One thing I want you to know that was unique about this visit was that after we were orientated to the school we were set free to roam the halls, talk with kids and teachers at will. The remarkable and exciting thing was that every kid we (randomly) spoke to knew exactly what they were studying and attempting to learn and why it mattered. WOW! (No red T shirts at SLA)

The following is a report I prepared for my SD administrators after our visit:

Interesting videos about SLA:

Science Teacher we met yesterday and others discuss working at SLA and students discussing learning at SLA- http://youtu.be/B1p22QWEJNI

Diana Laufenberg http://youtu.be/oxtqXtPEcLc

Site visit report:

On Thursday, Christy Matik, Ed Doran, Mary Ellen Frey, Tracey DeRosier, Vanessa DeLuca, Jen Bryan and I went to the Science Leadership Academy to learn about their academy model as we research for our freshman academy. (We met briefly with Ralph Rapino yesterday and plan to have an extended meeting to discuss our reflections and what they might mean to the HH freshman academy within the next 10 working days.)

We were met by Jon Amsterdam, assistant principal. He described the essential questions they use to frame learning for each grade as the “through-line.” It is the common theme that runs through all learning, all content areas and connects that learning beyond high school. The core values at the academy are:

Inquiry

Research

Collaboration

Presentation

Reflection

SLA essential questions:

9th grade 10th grade `11th grade 12th grade
Identity Systems Change  Creation
Who Am I?How do I interact with my environment?How does the environment affect me? How are systems created and defined?How do systems shape the world?What is the role of individual systems? What causes change?What is the role of the individual in creating and sustaining change?What is the relationship between the self and a changing world? Sorry, didn’t see these and in interest of getting this report out in a timely fashion, I’ll research this at another time.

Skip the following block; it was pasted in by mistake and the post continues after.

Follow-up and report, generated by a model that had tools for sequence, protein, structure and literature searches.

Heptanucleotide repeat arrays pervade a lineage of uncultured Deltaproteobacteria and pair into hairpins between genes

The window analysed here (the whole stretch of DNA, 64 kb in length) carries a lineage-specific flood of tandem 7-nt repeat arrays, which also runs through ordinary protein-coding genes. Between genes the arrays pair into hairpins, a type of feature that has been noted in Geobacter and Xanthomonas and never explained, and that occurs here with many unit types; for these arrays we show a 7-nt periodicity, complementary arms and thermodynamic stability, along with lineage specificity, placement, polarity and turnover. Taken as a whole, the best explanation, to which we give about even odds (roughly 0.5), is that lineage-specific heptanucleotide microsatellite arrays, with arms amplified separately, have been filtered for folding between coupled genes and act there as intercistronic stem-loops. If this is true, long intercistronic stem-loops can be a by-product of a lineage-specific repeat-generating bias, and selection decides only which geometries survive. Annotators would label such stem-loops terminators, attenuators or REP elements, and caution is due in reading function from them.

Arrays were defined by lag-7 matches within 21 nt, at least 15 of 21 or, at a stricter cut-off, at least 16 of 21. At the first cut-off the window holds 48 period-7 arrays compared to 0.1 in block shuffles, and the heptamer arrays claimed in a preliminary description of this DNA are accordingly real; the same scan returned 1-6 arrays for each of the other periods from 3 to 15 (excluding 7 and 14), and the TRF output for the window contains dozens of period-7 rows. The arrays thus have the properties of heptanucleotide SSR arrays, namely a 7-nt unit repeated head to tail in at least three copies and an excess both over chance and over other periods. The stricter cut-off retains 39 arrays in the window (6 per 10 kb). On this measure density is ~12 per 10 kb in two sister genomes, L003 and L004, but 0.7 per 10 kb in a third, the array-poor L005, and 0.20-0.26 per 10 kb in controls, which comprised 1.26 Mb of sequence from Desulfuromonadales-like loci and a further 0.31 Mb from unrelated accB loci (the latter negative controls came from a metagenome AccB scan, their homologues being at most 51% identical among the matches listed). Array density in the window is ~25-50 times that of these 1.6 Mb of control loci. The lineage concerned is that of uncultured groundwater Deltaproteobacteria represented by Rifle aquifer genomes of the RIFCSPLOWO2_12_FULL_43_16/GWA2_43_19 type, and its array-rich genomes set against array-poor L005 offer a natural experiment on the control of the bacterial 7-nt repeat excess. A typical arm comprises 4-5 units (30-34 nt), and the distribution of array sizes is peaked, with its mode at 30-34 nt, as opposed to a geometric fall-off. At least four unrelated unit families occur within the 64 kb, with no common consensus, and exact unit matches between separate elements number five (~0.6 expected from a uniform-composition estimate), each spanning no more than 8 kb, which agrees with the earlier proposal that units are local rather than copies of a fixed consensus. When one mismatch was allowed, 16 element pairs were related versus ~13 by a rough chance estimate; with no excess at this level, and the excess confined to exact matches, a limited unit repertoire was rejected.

Note: Each classroom had the grade level EQ posted on a very large poster. Interesting ways this is displayed in classrooms. Ask any of us to explain.

The only rules at the school:

  1. Respect yourself
  2. Respect others
  3. Respect the learning environment

All curriculum is designed in UbD (Understanding by Design; Wiggins and McTighe).

All curriculum is framed around a common language (“so kids don’t get lost between the adults”) 

  1. Common language concerns systems, structure, pathways and process
  2. Example of common language (and common assessment) use: all rubrics are formatted this way (subject teacher will fill in expectation blanks depending on learning goals)
SLA Common Rubric

DESIGN

20

KNOWLEDGE

20

APPLICATION

20

PRESENTATION

20

PROCESS

20

Exceeds Expectations20-19
Meets Expectations18-15
Approaches Expectations14-13
Does not meet Expectations12-0
  1. Students plug into learning through their own passion for a given topic. Example: Why should we learn about the American Civil War? Students research the civil war from their interest inquiry (personal passion*). I might want to know about the role of women during the civil war, another student may want to understand how the geography of Gettysburg may have determined the outcome, etc. Units of inquiry run between 6-7 weeks. All learning is presented.
  2. SLA takes kids from micro to macro when learning by hooking them with their personal interests first. Another example from SS: What is the study of history? Who writes it? Teachers are concerned with students expressing understanding, not the content.